New Delhi: Mahatma Gandhi’s values and ideals can be found relevant in any period of human existence and he taught us that our actions should aim at enhancing the dignity and destiny of other human beings, President Ram Nath Kovind said on Friday.Kovind made the remarks at the World Youth Conference on Kindness organised by the UNESCO Mahatma Gandhi Institute of Education for Peace and Sustainable Development (MGIEP). “We could place Gandhiji in a time machine and transport him to any period of human existence and we would find him to be relevant. This is also true of the times we live in. Gandhiji remains extremely relevant to our present day concerns such as need for peace and tolerance, terrorism and climate change. Also Read – Uddhav bats for ‘Sena CM'”The strife and violence that we see in the world today is often based in deep-rooted prejudices. These make us see the world through the binary of ‘us versus them’,” he said. Kovind said,”Following Gandhiji’s footsteps, we must let ourselves and our children interact and engage with those whom we tend to define as ‘them’. Greater interaction is the best way to develop a sensitive understanding, which can help us overcome our prejudices.” The conference with the theme ‘Vasudhaiva Kutumbakam: Gandhi for the Contemporary World: Celebrating the 150th birth anniversary of Mahatma Gandhi’ witnessed the participation of approximately 1,000 youth representing over 27 countries including from Asia, Africa, Latin America, and Europe. Also Read – Farooq demands unconditional release of all detainees in J&K”Few weeks from now on October 2, we will celebrate the 150th birth anniversary of our father of nation. His values are very relevant for us, Gandhi was born in India but belonged to entire humanity. “He taught us that our actions should ultimately aim at enhancing the dignity and destiny of other human beings,” Kovind said. “For me, he was the ‘experimental Gandhi’, defying class and race boundaries. A ‘creative Gandhi’, who transformed salt into a powerful symbol of a mass movement. “And the ‘determined Gandhi’, who with his frail body walked through the villages of India with a lamp of truth amid the all-pervading darkness of violence that marked our independence,” he said. The first World Youth Conference on Kindness is being organised by the UNESCO Mahatma Gandhi Institute of Education for Peace and Sustainable Development and the Ministry of Human Resource Development with the aim to impart critical competencies in global youth to inspire, empower and enable them to transform themselves and build long-lasting peace in their communities.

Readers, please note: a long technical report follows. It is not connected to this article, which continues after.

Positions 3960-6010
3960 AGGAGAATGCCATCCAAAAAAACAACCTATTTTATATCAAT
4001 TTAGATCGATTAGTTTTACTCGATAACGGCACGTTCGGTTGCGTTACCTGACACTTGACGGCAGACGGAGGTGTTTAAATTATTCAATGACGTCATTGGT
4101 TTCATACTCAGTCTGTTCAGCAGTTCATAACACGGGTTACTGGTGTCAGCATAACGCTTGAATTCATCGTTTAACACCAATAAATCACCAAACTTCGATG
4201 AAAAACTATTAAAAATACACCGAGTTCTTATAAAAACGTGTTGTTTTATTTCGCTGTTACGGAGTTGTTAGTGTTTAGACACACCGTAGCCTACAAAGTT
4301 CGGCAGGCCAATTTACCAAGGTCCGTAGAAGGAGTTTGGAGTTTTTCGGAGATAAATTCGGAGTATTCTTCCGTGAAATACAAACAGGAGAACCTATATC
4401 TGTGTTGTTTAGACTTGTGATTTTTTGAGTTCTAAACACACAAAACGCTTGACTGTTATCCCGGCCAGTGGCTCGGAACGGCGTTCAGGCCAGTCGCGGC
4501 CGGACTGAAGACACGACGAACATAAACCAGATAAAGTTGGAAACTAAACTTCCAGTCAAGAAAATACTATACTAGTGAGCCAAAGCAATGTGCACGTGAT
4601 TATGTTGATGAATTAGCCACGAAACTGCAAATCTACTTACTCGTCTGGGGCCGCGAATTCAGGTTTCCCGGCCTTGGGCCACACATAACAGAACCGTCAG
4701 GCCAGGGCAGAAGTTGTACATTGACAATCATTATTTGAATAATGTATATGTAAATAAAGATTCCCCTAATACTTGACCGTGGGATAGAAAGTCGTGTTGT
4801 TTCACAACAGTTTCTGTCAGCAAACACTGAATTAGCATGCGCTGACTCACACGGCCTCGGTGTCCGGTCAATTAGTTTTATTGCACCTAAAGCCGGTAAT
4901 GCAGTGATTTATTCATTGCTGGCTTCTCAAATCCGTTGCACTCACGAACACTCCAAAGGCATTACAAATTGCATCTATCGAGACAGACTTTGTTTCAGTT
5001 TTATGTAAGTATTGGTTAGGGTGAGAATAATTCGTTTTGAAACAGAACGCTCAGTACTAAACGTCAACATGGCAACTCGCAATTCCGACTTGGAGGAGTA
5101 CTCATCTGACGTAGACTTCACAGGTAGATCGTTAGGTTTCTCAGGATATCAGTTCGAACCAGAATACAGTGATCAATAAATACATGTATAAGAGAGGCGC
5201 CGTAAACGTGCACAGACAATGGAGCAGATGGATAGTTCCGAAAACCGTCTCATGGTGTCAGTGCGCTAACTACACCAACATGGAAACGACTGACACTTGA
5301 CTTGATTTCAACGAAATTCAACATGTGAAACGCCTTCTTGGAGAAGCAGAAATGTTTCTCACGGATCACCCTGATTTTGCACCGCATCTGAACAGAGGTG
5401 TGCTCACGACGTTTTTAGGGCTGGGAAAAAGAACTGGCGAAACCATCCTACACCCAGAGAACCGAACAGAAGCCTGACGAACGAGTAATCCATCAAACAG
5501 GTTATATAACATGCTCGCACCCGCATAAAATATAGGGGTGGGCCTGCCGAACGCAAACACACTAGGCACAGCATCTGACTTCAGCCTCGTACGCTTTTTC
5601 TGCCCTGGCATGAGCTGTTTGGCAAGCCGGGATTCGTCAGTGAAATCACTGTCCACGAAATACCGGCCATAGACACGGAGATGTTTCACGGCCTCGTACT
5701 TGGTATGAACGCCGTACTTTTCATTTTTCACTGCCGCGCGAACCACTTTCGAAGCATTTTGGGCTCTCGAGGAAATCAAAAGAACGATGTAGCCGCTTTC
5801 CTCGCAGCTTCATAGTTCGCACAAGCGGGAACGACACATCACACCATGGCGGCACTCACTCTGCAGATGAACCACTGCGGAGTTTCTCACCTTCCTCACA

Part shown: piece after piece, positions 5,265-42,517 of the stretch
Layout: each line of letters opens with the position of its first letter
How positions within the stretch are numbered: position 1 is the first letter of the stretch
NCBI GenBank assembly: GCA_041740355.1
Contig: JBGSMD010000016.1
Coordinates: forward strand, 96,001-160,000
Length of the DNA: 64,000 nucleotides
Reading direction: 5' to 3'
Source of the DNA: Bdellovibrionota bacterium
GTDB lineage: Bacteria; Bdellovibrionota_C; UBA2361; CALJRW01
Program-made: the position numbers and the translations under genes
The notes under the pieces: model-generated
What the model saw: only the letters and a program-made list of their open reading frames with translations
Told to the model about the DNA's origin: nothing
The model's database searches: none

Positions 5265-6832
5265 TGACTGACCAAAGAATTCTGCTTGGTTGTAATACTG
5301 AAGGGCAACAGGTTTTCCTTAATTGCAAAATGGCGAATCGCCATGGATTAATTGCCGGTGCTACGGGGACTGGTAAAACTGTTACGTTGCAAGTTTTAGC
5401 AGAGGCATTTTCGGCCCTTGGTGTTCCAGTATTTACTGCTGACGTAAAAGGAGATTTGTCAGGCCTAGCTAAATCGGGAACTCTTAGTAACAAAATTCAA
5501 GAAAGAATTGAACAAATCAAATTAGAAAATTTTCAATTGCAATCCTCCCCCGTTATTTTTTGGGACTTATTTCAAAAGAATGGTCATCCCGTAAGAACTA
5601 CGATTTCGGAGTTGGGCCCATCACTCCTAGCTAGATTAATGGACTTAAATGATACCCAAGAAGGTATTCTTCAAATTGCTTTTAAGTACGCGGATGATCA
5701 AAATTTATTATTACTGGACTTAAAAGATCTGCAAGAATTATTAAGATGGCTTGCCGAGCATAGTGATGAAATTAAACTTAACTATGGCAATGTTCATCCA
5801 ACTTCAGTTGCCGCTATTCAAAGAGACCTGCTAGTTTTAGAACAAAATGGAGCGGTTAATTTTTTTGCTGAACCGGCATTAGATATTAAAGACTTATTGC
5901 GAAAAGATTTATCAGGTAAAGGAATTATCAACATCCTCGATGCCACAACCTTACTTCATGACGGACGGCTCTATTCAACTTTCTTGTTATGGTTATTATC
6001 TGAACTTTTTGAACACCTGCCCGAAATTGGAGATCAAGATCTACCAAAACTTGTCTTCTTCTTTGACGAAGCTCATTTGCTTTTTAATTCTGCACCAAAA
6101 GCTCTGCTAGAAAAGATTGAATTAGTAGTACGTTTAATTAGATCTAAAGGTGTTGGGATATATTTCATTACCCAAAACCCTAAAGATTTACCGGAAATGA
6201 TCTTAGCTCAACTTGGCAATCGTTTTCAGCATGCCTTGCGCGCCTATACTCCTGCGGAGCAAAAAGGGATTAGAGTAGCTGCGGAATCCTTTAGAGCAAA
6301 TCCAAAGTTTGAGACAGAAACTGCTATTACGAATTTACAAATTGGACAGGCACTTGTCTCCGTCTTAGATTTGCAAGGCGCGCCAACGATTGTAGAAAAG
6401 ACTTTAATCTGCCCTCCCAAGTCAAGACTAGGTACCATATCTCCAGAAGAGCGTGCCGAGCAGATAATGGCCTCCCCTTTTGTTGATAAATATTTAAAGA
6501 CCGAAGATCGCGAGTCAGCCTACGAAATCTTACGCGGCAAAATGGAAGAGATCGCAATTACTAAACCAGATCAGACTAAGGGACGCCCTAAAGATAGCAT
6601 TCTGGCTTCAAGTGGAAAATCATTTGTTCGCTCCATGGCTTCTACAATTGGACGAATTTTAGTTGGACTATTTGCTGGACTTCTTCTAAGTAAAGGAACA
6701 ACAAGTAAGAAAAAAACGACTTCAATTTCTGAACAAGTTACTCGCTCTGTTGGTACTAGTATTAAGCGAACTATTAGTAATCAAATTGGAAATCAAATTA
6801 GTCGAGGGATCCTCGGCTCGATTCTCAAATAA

On Monday, October 12, 2015, tennis stars Andre Agassi, Stefanie Graf, Martina Navratilova, and Andy Roddick will headline Mylan World TeamTennis (WTT) Smash Hits at Caesars Palace, a charity night of tennis co-hosted by longtime friends Sir Elton John and Billie Jean King.“It is always such a great pleasure to co-host this wonderful event with my dear friend Billie Jean King,” said Sir Elton John. “I’m so pleased that we will be teaming up with Aid for AIDS of Nevada to raise awareness about the continuing challenges of the HIV/AIDS epidemic both locally and nationally and to raise urgently needed dollars for community-based HIV prevention, education, treatment, and care services. I urge all tennis fans and concerned citizens in the Las Vegas area to support this event and bring their families for a wonderful evening of tennis for a great cause.”“It is great to have Mylan WTT Smash Hits back in the U.S. and even better that we are making our first trip to Las Vegas, the entertainment capital of the world,” said Billie Jean King. “Smash Hits is one of my favorite and most meaningful events of the year and we are looking forward to a successful and entertaining night this October at Caesars Palace.”Tennis action is set for 7 p.m. PT. The pre-match VIP Reception and Auction will kick off at 5:30 p.m. Tickets go on sale at 10 a.m. PT on July 23rd. For information on tickets – including group sales and VIP ticket packages – click here or call (212) 586-3444 x111.Captained by King and John, the players will form two teams and play a Mylan WTT match featuring singles and doubles action. The music legend is expected to participate in a celebrity doubles match to open the event. Additional participants will be announced in the upcoming weeks. The overall series is tied 11-11 between Team Elton and Team Billie Jean. Team Billie Jean won the 2014 event in London with a 22-16 victory.This will be the 13th Smash Hits appearance for Agassi. The 8-time Grand Slam singles champion and former world No. 1 is well-known for his philanthropy, which includes starting the Andre Agassi College Preparatory Academy in Las Vegas. Agassi was inducted into The International Tennis Hall of Fame in 2011.This is the third Smash Hits appearance for Graf, a fellow Hall of Famer. Graf has long been considered one of the greatest players in tennis history, winning 107 singles titles, 22 Grand Slam singles championships, and an Olympic gold medal before retiring in 1999. Graf and her husband Andre Agassi have two children, daughter Jaz and son Jaden. Graf is very active with her charity Children for Tomorrow, a non-profit foundation with the aim of supporting children and families who have become victims of war, persecution and organized violence.Navratilova, a 59-time Grand Slam champion in singles, doubles and mixed doubles, was one of the participants in the first Smash Hits event in 1993 and will be making her 11th appearance. During her storied career, the Hall of Famer won 18 Grand Slam singles titles, 31 Grand Slam women’s doubles and 10 Grand Slam mixed doubles titles. Navratilova holds 167 singles titles, more than any other player, male or female and 177 doubles titles.Roddick returns to Smash Hits for an 11th time. The popular American standout won 30 singles titles on the ATP World Tour, including the 2003 US Open, and was ranked in the top 10 for nine consecutive years. Along with Venus Williams, Roddick is part of the WTT Ownership Group. He also founded the Andy Roddick Foundation which works to expand opportunities for young people to learn, thrive and succeed.